3.1.4 Campylobacter jejuni

Campylobacter jejuni is a Gram-negative microaerophilic bacterium that has been considered one of the most widespread infectious diseases in developed countries (114). It produces a genotoxin, cytolethal distending toxin (CDT), which has DNAse activity and leads to DNA double-strand breaks (115). The infection of this species is associated with IBD development in human patients (116), and induces colitis in mouse models (65). In germ-free ApcMin/+ mice, Campylobacter jejuni infection promotes colorectal tumorigenesis through the action of CDT (66). As a result, CDT mutation and rapamycin treatment could similarly diminish the tumorigenic capability of Campylobacter jejuni (66).

3.1.5 Enterococcus faecalis

Enterococcus faecalis is a Gram-positive facultative anaerobic bacterium that naturally inhabits the human gastrointestinal tract, and the spread of this bacterium to other organs or tissues can cause severe infection (117). Unlike most other bacteria, this species produces reactive oxygen species (ROS), such as extracellular superoxide (118), thus leading to DNA damage, chromosomal instability, generation of aneuploidy or tetraploidy, and eventually transformation and tumorigenesis of colonic epithelial cells (119, 120). More than half of patients with Enterococcus faecalis infective endocarditis (EFIE) of an unidentifiable source are found to have CRC (121). In Il10−/− mice, Enterococcus faecalis promotes colitis development and colorectal tumorigenesis (67, 68).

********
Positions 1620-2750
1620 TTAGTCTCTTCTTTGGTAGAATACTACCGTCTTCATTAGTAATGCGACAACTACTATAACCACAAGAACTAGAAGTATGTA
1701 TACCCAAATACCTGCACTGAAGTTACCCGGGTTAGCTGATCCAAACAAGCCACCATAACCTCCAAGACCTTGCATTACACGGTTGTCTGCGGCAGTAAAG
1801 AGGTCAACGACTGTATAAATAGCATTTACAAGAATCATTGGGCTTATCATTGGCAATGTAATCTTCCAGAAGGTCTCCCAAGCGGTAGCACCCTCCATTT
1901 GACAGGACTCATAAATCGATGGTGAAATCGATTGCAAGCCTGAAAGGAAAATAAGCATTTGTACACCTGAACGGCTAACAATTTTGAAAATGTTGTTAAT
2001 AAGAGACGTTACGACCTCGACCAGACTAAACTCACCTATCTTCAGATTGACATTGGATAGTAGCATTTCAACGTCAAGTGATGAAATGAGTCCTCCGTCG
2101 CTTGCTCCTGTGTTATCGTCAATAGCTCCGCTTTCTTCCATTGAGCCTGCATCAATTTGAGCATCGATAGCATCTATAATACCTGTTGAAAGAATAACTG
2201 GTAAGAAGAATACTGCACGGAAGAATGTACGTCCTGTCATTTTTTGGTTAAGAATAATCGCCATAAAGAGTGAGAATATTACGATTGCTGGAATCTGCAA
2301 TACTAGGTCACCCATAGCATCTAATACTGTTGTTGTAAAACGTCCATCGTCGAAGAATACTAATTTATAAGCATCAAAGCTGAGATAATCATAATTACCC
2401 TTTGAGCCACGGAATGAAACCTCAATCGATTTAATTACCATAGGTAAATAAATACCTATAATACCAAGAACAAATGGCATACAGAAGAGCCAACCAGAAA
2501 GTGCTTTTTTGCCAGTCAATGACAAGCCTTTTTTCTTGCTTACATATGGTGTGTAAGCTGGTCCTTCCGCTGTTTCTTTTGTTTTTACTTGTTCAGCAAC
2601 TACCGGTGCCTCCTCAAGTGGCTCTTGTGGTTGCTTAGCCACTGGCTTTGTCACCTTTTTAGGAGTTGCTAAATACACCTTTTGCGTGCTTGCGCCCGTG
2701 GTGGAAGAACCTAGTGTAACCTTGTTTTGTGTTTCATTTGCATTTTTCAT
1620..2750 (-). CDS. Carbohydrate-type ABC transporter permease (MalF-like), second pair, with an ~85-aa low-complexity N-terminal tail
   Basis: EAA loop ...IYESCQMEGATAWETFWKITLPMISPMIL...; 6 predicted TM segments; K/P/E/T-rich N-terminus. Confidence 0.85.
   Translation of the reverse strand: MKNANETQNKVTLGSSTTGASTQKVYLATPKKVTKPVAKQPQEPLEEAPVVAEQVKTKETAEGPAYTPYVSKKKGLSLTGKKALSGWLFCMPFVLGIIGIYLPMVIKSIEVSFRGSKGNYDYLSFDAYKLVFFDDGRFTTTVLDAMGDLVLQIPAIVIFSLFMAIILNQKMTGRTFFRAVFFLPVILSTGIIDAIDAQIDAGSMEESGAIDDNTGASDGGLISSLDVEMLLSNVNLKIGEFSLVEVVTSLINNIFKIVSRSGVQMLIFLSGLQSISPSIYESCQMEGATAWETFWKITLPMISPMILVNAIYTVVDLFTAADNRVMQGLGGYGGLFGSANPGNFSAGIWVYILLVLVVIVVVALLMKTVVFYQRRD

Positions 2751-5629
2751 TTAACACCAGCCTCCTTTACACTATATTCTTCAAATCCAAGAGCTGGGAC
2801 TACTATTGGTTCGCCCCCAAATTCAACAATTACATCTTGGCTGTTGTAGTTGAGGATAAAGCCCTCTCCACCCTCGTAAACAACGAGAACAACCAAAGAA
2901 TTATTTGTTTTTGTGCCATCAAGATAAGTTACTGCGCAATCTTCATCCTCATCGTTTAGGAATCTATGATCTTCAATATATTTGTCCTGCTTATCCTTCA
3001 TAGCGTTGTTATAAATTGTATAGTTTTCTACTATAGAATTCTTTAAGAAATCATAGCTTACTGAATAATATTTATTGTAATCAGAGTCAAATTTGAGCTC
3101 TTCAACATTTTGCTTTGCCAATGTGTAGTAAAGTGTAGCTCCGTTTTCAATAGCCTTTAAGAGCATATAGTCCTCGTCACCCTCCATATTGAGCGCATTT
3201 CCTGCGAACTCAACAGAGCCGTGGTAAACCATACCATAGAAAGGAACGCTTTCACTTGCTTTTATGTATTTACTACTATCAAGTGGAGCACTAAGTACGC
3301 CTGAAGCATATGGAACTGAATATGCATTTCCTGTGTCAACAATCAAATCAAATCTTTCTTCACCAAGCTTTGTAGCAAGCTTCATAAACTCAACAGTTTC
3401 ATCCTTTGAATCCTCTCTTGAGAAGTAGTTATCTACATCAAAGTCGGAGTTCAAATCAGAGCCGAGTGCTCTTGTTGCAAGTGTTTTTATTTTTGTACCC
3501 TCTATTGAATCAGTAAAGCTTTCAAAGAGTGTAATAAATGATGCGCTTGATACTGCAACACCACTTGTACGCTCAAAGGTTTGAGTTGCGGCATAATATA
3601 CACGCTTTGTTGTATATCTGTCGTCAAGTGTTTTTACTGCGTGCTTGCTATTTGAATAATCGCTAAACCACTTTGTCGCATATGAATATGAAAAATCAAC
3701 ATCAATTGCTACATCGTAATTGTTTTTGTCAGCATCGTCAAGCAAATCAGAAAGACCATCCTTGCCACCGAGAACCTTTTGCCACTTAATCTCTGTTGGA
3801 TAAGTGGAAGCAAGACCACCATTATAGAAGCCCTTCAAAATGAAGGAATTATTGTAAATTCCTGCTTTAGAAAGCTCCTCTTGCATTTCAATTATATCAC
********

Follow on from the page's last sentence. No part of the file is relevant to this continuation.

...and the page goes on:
3.1.6 Streptococcus bovis